US President Trump has issued an unusual invitation to North Korean leader Kim Jong-un to join him and South Korean President Moon Jae-in at the demilitarized zone, which he bizarrely called a good example of a proper border.
Donald Trump is still in Osaka, Japan for the G20 summit, but said he will be in South Korea afterwards. “I don’t know where he is right now, he might not be in North Korea. But I said if chairman Kim would want to meet, I’ll be at the border,” Trump told reporters.
“While there, if Chairman Kim of North Korea sees this, I would meet him at the Border/DMZ just to shake his hand and say Hello(?)!” Trump tweeted earlier on Saturday morning.
We may go to the DMZ or the border as they call it. That by the way – when you talk about the wall when you talk about the border – that is what they call a border. Nobody goes through that border, just about nobody. That is called a real border.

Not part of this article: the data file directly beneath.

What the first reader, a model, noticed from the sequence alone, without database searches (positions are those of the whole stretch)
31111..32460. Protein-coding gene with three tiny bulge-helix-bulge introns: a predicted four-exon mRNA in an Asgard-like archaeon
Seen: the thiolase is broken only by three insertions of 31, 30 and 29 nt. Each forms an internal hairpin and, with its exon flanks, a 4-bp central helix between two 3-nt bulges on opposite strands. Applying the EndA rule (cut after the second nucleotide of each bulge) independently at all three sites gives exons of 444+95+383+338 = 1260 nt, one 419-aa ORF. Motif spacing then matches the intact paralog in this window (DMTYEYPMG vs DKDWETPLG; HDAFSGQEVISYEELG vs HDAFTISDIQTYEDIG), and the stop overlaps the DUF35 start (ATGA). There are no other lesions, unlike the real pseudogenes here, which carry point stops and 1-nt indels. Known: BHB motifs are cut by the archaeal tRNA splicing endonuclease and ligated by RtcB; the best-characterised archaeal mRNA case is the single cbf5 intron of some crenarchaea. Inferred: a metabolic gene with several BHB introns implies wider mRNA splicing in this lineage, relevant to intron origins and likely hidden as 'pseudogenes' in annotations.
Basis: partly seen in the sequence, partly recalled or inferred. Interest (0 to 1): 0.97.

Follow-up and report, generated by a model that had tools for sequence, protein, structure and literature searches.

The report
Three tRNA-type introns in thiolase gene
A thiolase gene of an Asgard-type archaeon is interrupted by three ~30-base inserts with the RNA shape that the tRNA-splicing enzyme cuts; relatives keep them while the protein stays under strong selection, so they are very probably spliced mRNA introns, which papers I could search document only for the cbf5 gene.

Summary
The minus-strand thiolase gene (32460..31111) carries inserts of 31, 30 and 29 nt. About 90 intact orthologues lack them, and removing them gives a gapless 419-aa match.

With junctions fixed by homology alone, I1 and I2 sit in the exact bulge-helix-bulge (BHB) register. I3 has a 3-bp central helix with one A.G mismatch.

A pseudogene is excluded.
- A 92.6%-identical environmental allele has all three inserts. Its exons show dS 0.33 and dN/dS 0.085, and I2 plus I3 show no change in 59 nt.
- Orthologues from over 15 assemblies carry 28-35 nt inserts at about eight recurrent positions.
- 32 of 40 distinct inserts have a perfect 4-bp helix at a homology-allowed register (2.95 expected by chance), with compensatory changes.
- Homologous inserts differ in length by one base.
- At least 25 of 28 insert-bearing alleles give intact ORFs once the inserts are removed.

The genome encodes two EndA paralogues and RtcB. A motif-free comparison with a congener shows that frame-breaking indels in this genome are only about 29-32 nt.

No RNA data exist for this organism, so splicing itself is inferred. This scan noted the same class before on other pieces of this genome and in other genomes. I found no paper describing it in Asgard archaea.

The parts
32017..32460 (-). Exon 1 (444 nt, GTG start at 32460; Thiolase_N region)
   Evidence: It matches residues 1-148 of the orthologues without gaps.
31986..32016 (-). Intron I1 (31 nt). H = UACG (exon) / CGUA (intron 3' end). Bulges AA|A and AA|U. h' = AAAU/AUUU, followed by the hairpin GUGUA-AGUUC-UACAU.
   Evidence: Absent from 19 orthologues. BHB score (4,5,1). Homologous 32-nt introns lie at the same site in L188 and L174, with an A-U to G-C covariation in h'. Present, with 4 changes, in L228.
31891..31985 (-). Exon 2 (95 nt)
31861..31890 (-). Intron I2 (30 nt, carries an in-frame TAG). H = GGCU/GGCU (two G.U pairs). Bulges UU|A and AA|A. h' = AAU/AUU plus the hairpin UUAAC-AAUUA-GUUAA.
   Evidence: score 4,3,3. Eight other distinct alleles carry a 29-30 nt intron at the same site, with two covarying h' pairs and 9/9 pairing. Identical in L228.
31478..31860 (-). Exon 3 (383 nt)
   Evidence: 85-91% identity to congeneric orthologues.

The offer is probably not a surprise to Moon, who told reporters earlier this week that “behind-the-scenes talks” were underway to prepare a third summit between the US and North Korean leaders.
North Korea accused Moon of lying, however, with a senior Foreign Ministry official saying that there were no secret channels via the South, and any contacts with the US will be through the already established channels between Pyongyang and Washington.
Meanwhile, Trump and Kim have exchanged private letters, suggesting a willingness to try and make peace in the Korean peninsula after the failure of their most recent summit in Vietnam in February.
The two leaders have already made history by meeting in Singapore last year, after publicly exchanging threats and insults to the point where nuclear war seemed imminent during 2017.
The Korean peninsula has been divided since its liberation from Japan in 1945. The partition was cemented during the Korean War, which drew in the US and China on the opposing sides and resulted in widespread death and destruction. The armistice along the DMZ has held uneasily since 1953.